The South African Chief Inspector of Mines has published a Guidance Note on Medico-Legal Investigations of mine fatalities (Guideline).
By Kate Collier, a Partner at Webber Wentzel
The Guideline aims to provide certainty as to roles and process in the event that the cause of mine fatalities is immediately unclear – i.e. may have been due to natural causes or unrelated to mining activities, for example.
The Guideline should be used to assist in determining whether the mining related activities at a mine may have contributed to the cause of death in the event of fatalities.
Of particular relevance to employers are the following principles, which are reinforced in the Guideline:
- timeous reporting of any mine fatalities and the commencement of an investigation in terms of section 11(5) of the Mine Health and Safety Act (MHSA);
- proper barricading of the area where the accident occurred or deceased person was discovered and timeous recordal of names of witnesses and other relevant details. The employer should “note in writing the observations at the accident scene” as well as a need to take photographs of the undisturbed scene and to make a note of environmental conditions; and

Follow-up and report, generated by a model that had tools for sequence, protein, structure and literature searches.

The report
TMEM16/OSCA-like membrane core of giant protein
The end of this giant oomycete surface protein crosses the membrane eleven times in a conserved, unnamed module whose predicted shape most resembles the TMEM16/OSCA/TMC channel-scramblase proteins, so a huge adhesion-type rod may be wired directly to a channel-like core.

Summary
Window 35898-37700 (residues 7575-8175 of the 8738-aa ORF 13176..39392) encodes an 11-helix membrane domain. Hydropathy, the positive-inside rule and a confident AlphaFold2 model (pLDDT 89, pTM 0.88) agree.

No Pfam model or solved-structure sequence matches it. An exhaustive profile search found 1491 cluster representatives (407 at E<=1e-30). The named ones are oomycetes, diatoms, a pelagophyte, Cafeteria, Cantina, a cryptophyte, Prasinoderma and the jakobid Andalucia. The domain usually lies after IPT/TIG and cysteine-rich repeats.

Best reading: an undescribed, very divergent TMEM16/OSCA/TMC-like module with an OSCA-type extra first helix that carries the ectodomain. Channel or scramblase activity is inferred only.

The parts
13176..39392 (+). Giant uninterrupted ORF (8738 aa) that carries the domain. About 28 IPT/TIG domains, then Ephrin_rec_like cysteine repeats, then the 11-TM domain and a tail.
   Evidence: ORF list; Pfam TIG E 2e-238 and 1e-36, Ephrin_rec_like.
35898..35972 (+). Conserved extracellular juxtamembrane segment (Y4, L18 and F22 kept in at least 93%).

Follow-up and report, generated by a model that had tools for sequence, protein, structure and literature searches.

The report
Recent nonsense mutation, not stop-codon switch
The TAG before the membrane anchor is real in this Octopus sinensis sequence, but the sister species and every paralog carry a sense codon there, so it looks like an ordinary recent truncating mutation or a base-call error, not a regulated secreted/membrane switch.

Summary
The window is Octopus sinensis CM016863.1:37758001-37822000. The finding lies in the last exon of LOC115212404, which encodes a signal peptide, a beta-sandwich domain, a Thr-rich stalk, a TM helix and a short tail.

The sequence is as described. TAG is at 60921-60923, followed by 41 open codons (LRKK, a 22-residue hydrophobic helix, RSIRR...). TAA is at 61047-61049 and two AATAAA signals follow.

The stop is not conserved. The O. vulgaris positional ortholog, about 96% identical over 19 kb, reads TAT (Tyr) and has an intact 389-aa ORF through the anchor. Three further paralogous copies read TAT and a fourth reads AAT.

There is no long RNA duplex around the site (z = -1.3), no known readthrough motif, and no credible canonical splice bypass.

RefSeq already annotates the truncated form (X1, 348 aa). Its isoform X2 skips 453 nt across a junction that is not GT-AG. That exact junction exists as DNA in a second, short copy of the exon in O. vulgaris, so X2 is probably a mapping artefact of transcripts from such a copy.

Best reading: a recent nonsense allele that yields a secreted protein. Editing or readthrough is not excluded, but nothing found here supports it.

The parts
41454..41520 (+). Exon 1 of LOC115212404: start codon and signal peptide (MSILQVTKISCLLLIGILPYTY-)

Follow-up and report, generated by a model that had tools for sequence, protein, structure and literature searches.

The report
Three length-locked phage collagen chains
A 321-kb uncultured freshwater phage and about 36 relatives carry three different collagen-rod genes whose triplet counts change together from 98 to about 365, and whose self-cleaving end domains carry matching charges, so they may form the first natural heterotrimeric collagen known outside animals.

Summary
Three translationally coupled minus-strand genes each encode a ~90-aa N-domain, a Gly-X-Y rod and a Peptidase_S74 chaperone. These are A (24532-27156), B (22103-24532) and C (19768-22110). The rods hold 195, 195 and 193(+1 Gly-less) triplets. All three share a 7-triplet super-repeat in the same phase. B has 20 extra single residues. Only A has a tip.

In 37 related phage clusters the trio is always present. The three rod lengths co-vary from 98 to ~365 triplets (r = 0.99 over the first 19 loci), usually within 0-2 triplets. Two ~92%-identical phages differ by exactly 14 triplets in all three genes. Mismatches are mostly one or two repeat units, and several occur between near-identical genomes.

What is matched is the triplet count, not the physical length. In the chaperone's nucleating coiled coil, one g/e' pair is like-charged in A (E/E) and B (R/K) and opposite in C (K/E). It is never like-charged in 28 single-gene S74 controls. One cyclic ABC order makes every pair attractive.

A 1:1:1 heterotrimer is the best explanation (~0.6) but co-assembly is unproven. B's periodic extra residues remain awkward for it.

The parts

- the need to bring the death to the attention of the Occupational Medical Practitioner (OMP), or any medical practitioner as soon as possible, who must certify the death.
A simplified schematic of the roles and responsibilities in the event of a death at a mine is included in the Guideline as Annexure 1.
The medical practitioner (which may also be the OMP) is required to examine the body of the deceased person and to indicate if the likely cause of death was natural/unnatural causes.
If a death is certified as natural, taking into account the factors listed in the Guideline, no further investigation is required.
In cases of uncertain or unnatural causes, a medical practitioner must submit the body of the deceased and all relevant information as soon as possible for a medico-legal examination.
This must include Annexure 4 to the Guideline, the “Referral letter – mine related deaths”.
Notably “no medical practitioner may perform a post mortem examination on the body of a deceased person unless it is specifically done in terms of the Inquests Act“.
This includes “the full involvement and consent of the SAPS” unless in the case of a death as a result of natural causes with the consent of the next of kin or consent of the deceased before death.
Attendance at the post mortem examination remains regulated by the provisions of section 3(5) of the Inquests Act.
The OMP must also arrange for the removal of cardiorespiratory organs in accordance with Occupational Diseases in Mines and Works Act and ensure that consent from the employee (prior to death) or relatives (after death) has been obtained.
Duties of the various role players from the Mine Health and Safety Inspectorate are also reinforced in the Guideline.